I was so sure that we had no chance of getting into Stugan, that I didn’t bother incorporating it into my travel plans at all. I knew that the program would lie outside the validity period of my 90 day visa, but I adopted the “cross that bridge when we come to it” approach; fully expecting never to arrive at that particular bridge. Obviously I was wrong, and said bridge was now now becoming a very real problem.
I did a bunch of research and found a section on the German website explaining that a Schengen visa can be extended for exceptional reasons, for example, an unexpected business of professional opportunity. “Excellent!’, I thought, all I need to do is go back to Berlin and submit my application for the extension of my German issued visa. Stugan is basically the definition of an “unexpected business or professional opportunity”, so why would they turn me down?
I arrived back in Berlin and planned to visit the Ausländerbehörde the next day. I had extended my travel insurance, I had all documentation and forms filled out, and if I was lucky , this wasn’t going to be a huge detour from the rest of my travel plans.
Again, I was horribly wrong. I’ve heard a lot of complaints about the awfulness German bureaucracy before, but now I’ve experienced it first hand. They really are terrible. The lady I spoke to wasn’t just unwilling to help me, she actually seemed determined not to. Almost immediately after I explained my situation she rudely told me that this had nothing to do with Germany and I should leave.
I was crestfallen. So far the trip had been nothing but a series a high points, but this was definitely a crushing low point. Luckily I have good friends to cheer me up and I didn’t stay disappointed for too long.
This was a major set back and so I immediately had to look for other options. I phoned and emailed and chatted to various embassies and immigration offices. I also chatted to several friends and after Jana from Stugan (who is super awesome and helpful, btw) spoke to the Swedish authorities on my behalf, it became clear what the next step had to be. I needed to book an appointment with Migrationsverket and then go to Sweden to apply for a visitors permit. I looked at all the migration offices and they were all fully booked for at least the next week and half. All except for one appointment at 3:30pm the following day. In Gothenburg.
So I booked an early morning flight from Berlin to Gothenberg via Brussels and set about madly scrambling to get all my paperwork in order for the application. Seeing as I had basically just come from Sweden, it would have been easier if I had known Germany would be this difficult. I could’ve just stayed in Copenhagen and booked an appointment in Malmö. Anyway,I had three hours of sleep before embarking on my day trip to Gothenburg.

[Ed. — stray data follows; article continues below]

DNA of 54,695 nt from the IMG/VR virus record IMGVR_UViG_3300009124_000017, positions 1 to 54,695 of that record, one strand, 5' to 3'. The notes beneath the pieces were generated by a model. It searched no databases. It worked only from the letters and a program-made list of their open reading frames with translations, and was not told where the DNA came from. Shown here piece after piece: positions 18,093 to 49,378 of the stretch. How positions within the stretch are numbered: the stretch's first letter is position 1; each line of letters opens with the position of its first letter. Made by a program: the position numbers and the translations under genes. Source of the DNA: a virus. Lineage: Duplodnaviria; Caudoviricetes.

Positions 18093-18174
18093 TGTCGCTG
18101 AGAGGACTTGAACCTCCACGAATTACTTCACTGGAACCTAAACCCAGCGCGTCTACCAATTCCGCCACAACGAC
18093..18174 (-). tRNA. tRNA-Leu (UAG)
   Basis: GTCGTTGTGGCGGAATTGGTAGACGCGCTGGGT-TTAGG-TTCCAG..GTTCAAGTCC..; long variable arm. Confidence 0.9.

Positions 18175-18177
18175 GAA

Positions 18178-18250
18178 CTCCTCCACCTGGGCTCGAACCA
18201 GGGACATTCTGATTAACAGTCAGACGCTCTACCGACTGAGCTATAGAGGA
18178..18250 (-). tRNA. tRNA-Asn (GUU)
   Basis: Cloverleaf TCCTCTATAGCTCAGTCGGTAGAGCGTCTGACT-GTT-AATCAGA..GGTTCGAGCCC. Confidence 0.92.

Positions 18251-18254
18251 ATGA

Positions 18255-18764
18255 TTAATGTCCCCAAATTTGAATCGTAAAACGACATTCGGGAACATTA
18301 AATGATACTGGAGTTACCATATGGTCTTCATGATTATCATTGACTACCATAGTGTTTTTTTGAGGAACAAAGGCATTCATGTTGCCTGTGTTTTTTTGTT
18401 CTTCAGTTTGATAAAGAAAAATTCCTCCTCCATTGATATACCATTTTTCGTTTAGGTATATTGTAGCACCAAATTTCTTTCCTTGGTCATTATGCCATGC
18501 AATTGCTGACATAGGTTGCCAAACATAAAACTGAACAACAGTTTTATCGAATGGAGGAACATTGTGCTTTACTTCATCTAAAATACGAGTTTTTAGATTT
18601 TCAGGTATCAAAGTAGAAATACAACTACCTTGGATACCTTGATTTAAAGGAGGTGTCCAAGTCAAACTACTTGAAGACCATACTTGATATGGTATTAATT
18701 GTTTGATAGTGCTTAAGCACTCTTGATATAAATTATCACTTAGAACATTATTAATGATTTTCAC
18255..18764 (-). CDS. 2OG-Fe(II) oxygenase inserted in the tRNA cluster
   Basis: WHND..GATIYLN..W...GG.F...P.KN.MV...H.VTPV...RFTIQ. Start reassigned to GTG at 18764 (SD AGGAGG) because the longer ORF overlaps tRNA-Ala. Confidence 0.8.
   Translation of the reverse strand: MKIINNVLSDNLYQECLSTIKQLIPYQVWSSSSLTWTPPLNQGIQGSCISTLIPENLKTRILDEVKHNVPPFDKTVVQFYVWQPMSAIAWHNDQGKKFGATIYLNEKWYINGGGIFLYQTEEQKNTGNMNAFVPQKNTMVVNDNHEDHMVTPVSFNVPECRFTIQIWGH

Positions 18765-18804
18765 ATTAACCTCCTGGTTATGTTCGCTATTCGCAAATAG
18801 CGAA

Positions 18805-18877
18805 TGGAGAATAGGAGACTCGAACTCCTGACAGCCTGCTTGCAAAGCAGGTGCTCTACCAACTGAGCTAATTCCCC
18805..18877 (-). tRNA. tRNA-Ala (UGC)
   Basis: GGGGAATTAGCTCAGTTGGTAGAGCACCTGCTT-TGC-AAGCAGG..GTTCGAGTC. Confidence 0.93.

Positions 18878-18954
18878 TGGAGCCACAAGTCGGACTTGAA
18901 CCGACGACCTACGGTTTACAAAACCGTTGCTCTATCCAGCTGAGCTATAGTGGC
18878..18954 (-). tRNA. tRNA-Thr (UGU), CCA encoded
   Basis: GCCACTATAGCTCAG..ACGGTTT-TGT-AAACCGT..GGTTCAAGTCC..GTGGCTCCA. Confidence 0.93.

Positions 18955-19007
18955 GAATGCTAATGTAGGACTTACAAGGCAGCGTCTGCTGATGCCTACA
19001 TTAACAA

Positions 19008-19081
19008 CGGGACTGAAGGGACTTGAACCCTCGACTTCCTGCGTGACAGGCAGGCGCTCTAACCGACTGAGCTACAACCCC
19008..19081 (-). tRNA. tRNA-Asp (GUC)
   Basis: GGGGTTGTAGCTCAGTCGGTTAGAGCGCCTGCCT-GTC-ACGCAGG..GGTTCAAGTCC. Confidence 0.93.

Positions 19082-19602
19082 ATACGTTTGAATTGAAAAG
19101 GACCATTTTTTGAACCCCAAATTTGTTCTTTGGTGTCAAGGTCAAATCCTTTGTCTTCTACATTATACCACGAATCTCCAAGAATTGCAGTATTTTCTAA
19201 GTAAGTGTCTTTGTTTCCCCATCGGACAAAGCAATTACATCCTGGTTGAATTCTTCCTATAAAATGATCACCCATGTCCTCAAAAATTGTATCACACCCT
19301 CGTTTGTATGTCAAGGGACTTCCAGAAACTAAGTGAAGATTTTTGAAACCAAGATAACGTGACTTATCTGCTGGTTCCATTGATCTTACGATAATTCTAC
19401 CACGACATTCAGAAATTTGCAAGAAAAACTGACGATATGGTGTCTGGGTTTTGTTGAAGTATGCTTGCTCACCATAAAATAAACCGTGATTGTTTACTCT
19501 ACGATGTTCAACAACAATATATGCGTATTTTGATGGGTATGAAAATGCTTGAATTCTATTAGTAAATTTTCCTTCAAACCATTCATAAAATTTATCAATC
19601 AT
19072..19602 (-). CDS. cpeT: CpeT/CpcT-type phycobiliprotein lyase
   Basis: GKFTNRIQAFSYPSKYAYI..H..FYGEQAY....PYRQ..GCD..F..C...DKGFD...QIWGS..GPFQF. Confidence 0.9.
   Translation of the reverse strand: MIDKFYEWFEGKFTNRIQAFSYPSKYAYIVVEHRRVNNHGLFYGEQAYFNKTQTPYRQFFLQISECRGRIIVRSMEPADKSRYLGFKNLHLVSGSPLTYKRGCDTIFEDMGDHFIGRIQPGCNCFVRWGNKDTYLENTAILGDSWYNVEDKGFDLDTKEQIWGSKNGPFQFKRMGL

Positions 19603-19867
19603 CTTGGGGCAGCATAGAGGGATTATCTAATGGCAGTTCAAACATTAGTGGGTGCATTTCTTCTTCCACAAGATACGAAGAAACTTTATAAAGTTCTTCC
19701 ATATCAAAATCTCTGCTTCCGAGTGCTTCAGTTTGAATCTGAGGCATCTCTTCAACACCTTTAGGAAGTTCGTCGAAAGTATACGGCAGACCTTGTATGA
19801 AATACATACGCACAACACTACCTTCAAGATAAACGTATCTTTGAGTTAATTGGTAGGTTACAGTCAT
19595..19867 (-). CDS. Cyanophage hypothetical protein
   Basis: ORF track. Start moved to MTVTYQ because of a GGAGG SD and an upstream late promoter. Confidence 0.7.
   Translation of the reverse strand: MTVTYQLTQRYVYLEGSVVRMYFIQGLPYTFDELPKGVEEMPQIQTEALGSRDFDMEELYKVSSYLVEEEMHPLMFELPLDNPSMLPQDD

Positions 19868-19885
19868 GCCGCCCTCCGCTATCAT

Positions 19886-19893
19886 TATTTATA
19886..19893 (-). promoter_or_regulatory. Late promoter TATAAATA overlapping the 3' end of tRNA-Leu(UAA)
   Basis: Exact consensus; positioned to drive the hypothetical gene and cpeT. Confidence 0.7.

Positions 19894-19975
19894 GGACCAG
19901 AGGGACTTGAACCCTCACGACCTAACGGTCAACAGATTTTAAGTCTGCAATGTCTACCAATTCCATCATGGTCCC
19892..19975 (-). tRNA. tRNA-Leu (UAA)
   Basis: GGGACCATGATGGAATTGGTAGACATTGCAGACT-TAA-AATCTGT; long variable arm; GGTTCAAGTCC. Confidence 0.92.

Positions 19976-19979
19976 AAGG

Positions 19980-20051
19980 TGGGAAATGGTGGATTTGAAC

After a decent hike across town to the Migrationsverket office, I sat and waited for them to call my number for 3 excruciating hours (apparently the time-slot of your appointment is irrelevant). I can’ t tell you how anxious I was about this appointment after the disaster of Germany and then an expensive flight to Gothenburg.
Much to my relief the appointment went smoothly and I successfully submitted my application. Apparently after a week or so I could expect a response (physically mailed to Jana in Stockholm). So I still don’t know the outcome yet, and I’m still really nervous about it, but at least I’ve done what I can for now.
After the appointment I found a coffee shop to occupy while I tried to organise a place to sleep. Eventually I found an affordable hostel about 45 minutes away by foot. I also found a bus back to Berlin for just 10 Euro, which seemed a no-brainer. I also decided to book a bus to Prague. I was determined not to get too derailed by all this stressful admin and I wanted to get right back in to fun travel mode. I had a few days to kill before my next commitment in Poland, so why not Prague?
Unfortunately this meant a rather grueling day and a half of travel. Gothenburg to Berlin is pretty far and takes an entire day by bus. I arrived back in Berlin around midnight, slept for slightly less than 3 hours and then got on another bus to Prague.
Those few days were intense. Less of those please. Also, sorry about the lack of interesting pictures. I was preoccupied with other things.